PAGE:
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Jim Krause | Classes | P354 Program Graphics & Animation

Week 5

Agenda:

  • Look at artwork
  • After Effects (continued)
  • In-class AE exercises

Announcements/Observations

  • Be clear as to what you are making and what purpose it should serve. If your graphic is a promo for an upcoming show, you need to let viewers know what it is, why they should watch and when it is on. Conveying information (the MESSAGE) artfully is important.
  • STRONG GRAPHIC DESIGN IS KEY - Even though you might be focused on carrying out requirements of the assignments- projects should demonstrate good design. Be sure to put CRAP to work in your compositions.
  • CRITIQUE - Putting the name, purpose & objective on your critique is important.
  • Fonts/Typography - Some are having issues picking fonts and formatting text. Look at existing styles and examples for ideas. FontsInUse.com

After Effects (continued)

Blending Modes - Blending modes determine how a layer mixes with the layers beneath it. (These work just like Photoshop.) Some work on alpha channels (stencil and silhouette) Some use lightness (Screen) Others use color. Blending modes can’t be animated.

Anchor points - Objects revolve around their anchor points. Zooming in and out is also done around the layer's anchor point.

It's usually best to move a layer's anchor point before animating the layer. You can move an anchor point with the Pan Behnd tool or double click the layer to open up the layer window. Then you can use the Move tool (V). Carry out a few simple anchor point moves to make sure you can move an anchor point.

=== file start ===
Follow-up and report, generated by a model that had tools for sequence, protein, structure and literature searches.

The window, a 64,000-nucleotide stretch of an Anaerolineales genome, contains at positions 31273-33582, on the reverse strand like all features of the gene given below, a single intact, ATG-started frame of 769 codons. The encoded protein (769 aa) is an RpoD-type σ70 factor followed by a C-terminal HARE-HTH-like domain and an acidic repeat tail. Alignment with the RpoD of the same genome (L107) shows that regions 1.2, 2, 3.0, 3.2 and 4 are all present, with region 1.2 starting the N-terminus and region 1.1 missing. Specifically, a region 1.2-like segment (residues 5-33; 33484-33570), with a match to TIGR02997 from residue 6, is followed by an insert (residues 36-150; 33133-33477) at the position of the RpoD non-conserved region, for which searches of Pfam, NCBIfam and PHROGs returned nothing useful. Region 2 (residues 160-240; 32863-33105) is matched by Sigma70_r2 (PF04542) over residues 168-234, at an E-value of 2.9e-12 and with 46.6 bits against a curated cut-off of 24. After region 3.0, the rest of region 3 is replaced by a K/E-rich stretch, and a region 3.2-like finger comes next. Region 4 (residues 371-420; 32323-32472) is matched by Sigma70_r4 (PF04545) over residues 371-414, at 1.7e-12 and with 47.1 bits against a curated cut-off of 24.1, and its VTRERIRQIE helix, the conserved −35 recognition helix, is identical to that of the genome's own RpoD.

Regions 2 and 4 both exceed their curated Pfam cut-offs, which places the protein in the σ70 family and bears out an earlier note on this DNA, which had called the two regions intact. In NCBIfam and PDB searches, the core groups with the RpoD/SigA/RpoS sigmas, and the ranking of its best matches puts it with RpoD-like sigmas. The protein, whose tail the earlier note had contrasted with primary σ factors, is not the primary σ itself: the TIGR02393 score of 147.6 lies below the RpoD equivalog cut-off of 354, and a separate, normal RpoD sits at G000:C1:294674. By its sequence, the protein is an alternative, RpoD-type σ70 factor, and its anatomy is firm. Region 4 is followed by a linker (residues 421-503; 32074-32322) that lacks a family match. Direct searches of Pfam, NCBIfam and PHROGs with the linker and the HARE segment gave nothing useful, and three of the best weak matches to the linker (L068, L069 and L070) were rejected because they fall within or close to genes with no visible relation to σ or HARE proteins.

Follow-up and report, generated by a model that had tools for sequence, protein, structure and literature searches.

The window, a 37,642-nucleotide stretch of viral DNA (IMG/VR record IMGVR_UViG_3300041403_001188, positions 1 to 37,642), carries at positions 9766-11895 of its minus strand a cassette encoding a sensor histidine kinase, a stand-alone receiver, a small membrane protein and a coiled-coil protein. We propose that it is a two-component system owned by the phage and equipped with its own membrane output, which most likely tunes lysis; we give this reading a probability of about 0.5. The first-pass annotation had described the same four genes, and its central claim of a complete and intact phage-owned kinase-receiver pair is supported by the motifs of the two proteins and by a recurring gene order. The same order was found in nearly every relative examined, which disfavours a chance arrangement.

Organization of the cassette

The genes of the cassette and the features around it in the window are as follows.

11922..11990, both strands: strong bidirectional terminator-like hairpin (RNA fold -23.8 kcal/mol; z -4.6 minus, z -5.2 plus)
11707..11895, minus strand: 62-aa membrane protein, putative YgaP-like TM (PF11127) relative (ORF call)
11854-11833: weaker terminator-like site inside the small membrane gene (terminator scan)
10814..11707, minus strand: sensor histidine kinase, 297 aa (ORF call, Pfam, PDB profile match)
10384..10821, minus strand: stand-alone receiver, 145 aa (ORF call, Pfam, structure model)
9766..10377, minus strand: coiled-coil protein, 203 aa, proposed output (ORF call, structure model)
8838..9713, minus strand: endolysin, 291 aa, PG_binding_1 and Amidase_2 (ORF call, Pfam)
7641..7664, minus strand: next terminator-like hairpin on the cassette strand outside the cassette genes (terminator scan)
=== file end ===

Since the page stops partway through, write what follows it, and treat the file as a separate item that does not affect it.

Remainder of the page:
Precompose - You can precompose a layer or multiple layers in After Effects. Precomposing is a way of nesting animated elements, and is often the answer to vexing animation problems.

Imagine you wanted to animate a car going down across the screen with turning wheels. You could first rotate the wheels on the car, then pre-compose the car and the wheels. Then you can move the nested comp (the car with the spinning wheels) down the road.

To pre-compose layers, select the layers you want to pre-compose, (Command - select to pick layers that are not right next to each other) then choose pre-compose under the layer menu.

Displaying & outputting movies in the proper pixel aspect (Square vs. Non-square pixels & Anamorphic formats)

You may have noticed that some of the videos posted to popular sharing sites (like YouTube or Vimeo) are stretched or squeezed the wrong way. This is because the movies have not been exported at the proper pixel dimensions or have an improper pixel aspect ration embedded in them.

Full raster HD formats use square pixels. (1920x1080 & 1280x720) However some subsets of these such as HDV, DVCProHD, and & XDCam HD use non-square pixels. The DV format also uses non-square pixels.

You can set the proper non-square pixel aspect ratio in After Effects through the composition settings dialog box (Command-K). The "Toggle Pixel Aspect Ratio" button in the comp window will swap between a square pixel display and whatever the non-square pixel aspect you have selected in your composition settings.

Here are some square pixel dimensions that will work for two popular aspect ratios:

4:3 Square Pixel Sizes (X/Y will equal 1.333):

  • 800 x 600
  • 640 x 480
  • 400 x 300
  • 320 x 240

16:9 Square Pixel Sizes (X/Y will equal roughly 1.778):

  • 1920 x 1080
  • 1280 x 720
  • 960 x 540
  • 640 x 360

Review spatial and temporal keyframe interpolation---------

Understanding temporal time graph (Lynda)

In-Class Bouncing Ball Exercise

  • Start out with a 1920x1080 HD Comp (10 seconds is long enough)
  • Create a ball (hint: try using a shape layer) or use one of the balls below.
  • Make sure the anchor point is in the center of the ball (hint: you might need to use the pan behind tool)
  • Animate the ball bouncing across the screen in a realistic manner.